JIM FURYK: I agree a lot with what Thomas said. Surely sport is very important to this country. We talked earlier about the World Cup, The Ryder Cup, the Olympics. My hat's off to Paris, to the country of France, for being able to bring all those events to this area.

Obviously it's evident the hard work that the federation has put into not only this event in securing The Ryder Cup for Paris, but also how hard they have worked to make sure that the event is fantastic.

So look forward to it, and from what we've heard this morning, it sounds like ticket sales have been very, very good. I expect that to be the case and expect large crowds as we usually see.

Q. (Do you see any French golf stars coming in the future and who will be the one to win a major championship?)
THOMAS BJÖRN: Well, you don't have any big French stars. You know, when you play on The European Tour, and you see the amount of French players coming through, and you look at players like Victor Dubuisson, Alex Levy, you just saw Romain Wattel winning a few weeks ago. There's always French talent there that are coming through and winning golf tournaments.

A big French superstar is that one that wins major championships. Well, there's a lot of countries around the world that doesn't win major championships. I'm from one, so I should know (laughter). You know, that's kind of the way it is sometimes.

Golf is not a game that limits itself to a nation and where you're from. You know, there's more golfers in the British Isles. There's more golfers in America; and therefore, more talent and therefore they have more winners from those countries.

I think sometimes in countries that don't have the tradition and the history, you've got to show a lot of respect to the guys that break those barriers and try and do something, and in France, I really, really believe you have some unbelievable talent.

It's only a matter of time before that guy breaks through and he wins that major championship. And who it's going to be, I'm in no position to tell, but I've been honoured to spend time with the junior elite team. I've seen the amateurs play from this country and I see what great future lies ahead of them; and one of them are going to step up to the plate one day and do it and you're all going to be very proud of him. But sometimes it takes a little bit of patience and wait-out for that guy to come to the fore.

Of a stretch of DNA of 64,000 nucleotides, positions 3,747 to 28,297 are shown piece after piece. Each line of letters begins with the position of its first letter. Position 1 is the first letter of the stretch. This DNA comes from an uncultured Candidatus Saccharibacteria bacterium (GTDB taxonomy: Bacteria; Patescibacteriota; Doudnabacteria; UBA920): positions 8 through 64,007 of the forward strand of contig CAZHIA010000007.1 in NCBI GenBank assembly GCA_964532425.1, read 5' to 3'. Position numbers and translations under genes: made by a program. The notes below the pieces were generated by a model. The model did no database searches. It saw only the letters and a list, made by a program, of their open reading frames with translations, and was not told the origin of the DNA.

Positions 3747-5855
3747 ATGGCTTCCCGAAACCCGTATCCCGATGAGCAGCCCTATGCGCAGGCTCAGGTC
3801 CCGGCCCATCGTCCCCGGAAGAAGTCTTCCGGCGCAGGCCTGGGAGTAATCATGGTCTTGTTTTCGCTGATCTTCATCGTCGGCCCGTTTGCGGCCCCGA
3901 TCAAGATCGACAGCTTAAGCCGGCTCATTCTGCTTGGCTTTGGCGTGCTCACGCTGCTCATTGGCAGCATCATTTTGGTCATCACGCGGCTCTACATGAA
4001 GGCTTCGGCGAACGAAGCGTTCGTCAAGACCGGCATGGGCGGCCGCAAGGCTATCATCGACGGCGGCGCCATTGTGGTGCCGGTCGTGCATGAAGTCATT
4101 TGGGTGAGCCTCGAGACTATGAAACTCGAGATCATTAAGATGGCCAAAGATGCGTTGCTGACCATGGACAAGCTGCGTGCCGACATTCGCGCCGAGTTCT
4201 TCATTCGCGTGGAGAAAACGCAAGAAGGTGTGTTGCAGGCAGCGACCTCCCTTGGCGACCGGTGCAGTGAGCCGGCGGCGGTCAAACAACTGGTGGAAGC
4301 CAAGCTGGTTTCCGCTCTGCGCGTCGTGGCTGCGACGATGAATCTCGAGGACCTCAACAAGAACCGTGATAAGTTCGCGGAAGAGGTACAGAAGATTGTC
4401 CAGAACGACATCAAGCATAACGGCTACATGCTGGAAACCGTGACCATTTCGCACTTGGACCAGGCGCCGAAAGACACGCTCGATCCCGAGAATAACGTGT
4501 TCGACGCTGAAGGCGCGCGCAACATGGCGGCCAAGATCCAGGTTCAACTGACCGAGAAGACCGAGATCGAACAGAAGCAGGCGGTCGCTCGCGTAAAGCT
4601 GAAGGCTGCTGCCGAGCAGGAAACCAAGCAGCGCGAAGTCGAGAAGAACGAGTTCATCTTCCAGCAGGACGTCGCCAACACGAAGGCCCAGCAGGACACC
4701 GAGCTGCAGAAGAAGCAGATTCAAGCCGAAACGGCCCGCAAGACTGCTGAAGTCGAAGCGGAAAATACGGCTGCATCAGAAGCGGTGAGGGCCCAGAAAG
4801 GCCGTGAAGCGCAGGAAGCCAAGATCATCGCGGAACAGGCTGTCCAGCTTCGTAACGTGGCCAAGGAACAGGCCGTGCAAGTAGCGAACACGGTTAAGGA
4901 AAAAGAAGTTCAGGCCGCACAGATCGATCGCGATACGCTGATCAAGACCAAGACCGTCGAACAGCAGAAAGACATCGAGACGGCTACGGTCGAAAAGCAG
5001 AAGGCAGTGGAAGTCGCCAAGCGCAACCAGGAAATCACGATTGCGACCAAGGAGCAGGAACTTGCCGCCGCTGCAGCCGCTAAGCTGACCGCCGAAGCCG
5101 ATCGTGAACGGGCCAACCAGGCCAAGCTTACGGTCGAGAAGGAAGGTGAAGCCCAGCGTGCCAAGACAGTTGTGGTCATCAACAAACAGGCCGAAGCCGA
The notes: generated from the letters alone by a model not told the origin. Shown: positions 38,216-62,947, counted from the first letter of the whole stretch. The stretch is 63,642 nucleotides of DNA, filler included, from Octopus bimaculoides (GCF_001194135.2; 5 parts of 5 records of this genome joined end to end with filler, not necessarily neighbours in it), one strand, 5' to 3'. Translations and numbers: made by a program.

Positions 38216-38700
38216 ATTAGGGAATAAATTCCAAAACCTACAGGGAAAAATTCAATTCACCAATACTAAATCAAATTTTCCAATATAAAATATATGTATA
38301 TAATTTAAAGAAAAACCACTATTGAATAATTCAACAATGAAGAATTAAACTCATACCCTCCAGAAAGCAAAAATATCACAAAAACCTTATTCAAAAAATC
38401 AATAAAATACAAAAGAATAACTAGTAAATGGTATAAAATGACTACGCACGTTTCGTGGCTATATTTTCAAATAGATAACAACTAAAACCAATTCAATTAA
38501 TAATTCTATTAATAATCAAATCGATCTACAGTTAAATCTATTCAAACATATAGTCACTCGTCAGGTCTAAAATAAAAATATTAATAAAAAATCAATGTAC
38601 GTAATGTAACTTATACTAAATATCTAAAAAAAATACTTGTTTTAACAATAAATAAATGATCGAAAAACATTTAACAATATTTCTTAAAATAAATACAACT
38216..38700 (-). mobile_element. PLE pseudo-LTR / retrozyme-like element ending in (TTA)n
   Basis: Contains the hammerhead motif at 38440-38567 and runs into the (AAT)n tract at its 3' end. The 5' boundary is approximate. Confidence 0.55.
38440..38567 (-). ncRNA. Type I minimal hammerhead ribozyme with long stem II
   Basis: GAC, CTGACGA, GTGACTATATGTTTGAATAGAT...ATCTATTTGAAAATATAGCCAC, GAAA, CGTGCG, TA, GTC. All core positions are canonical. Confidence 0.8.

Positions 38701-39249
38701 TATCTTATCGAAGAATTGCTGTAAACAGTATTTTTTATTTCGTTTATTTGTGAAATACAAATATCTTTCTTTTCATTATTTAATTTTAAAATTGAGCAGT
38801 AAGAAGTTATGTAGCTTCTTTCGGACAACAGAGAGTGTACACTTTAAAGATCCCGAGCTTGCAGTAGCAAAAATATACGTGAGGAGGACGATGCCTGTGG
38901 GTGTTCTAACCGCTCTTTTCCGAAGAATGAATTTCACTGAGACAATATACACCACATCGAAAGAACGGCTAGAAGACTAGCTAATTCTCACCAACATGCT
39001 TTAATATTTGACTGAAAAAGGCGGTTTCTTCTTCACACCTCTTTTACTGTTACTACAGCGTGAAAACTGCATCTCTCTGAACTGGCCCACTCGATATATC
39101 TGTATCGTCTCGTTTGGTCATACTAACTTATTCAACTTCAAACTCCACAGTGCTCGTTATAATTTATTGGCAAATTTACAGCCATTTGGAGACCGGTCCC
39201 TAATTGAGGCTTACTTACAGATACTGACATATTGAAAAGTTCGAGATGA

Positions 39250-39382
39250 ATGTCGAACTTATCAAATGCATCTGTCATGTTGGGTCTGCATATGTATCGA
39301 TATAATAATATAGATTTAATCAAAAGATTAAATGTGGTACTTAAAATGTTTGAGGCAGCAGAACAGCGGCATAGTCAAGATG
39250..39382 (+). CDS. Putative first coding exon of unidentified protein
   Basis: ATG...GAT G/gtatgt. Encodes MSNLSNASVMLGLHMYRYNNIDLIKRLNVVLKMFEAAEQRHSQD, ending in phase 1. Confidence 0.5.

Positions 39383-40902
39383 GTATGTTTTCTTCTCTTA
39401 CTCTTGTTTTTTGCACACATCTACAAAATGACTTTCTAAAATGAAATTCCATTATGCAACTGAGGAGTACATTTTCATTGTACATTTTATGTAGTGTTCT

It's just the way sports it sometimes, and traditions are not here, but as those barriers are broken down, traditions are changing and a golf player from this country will definitely rise to the too much the game one day.

Q. (Do you expect Tiger Woods to play in The Ryder Cup?)
JIM FURYK: So I guess just recently, I think yesterday, Tiger posted a video of him swinging a driver. I've been told; I've been busy with Year to Go, but I've been told he's been cleared to continue kind of all golf activities.

So I'm correct with that -- am I right? Have you heard that, as well, Thomas?


JIM FURYK: I think that's great news. The swing that I saw on that video looked a lot like Tiger Woods. It reminded me of his swing of the past. It probably still needed a little speed. He probably still needs a little bit of golf strength maybe. He likes to call it reps.

But we really don't know when Tiger will be healthy. We really don't know when he'll return to competitive golf. And the last part of that question was, does the U.S. Team need Tiger Woods to be a part of the team.

I will say that Tiger Woods is a great resource and would be a welcome to the team, whether that would be as a playing personnel or whether that would be as a vice captain. He's been a great resource and a great person to have in the team room, so I'm hoping he will be part of that team.

SCOTT CROCKETT: Anymore questions? Going once? Going twice?

If there are no more questions, all that's left for me to do is thank you, ladies and gentlemen, for your attendance this afternoon. One again, recognise our two captains, Thomas, Jim, thank you very much, and we wish and your respective teams all the very best at Le Golf National in September. Thank you.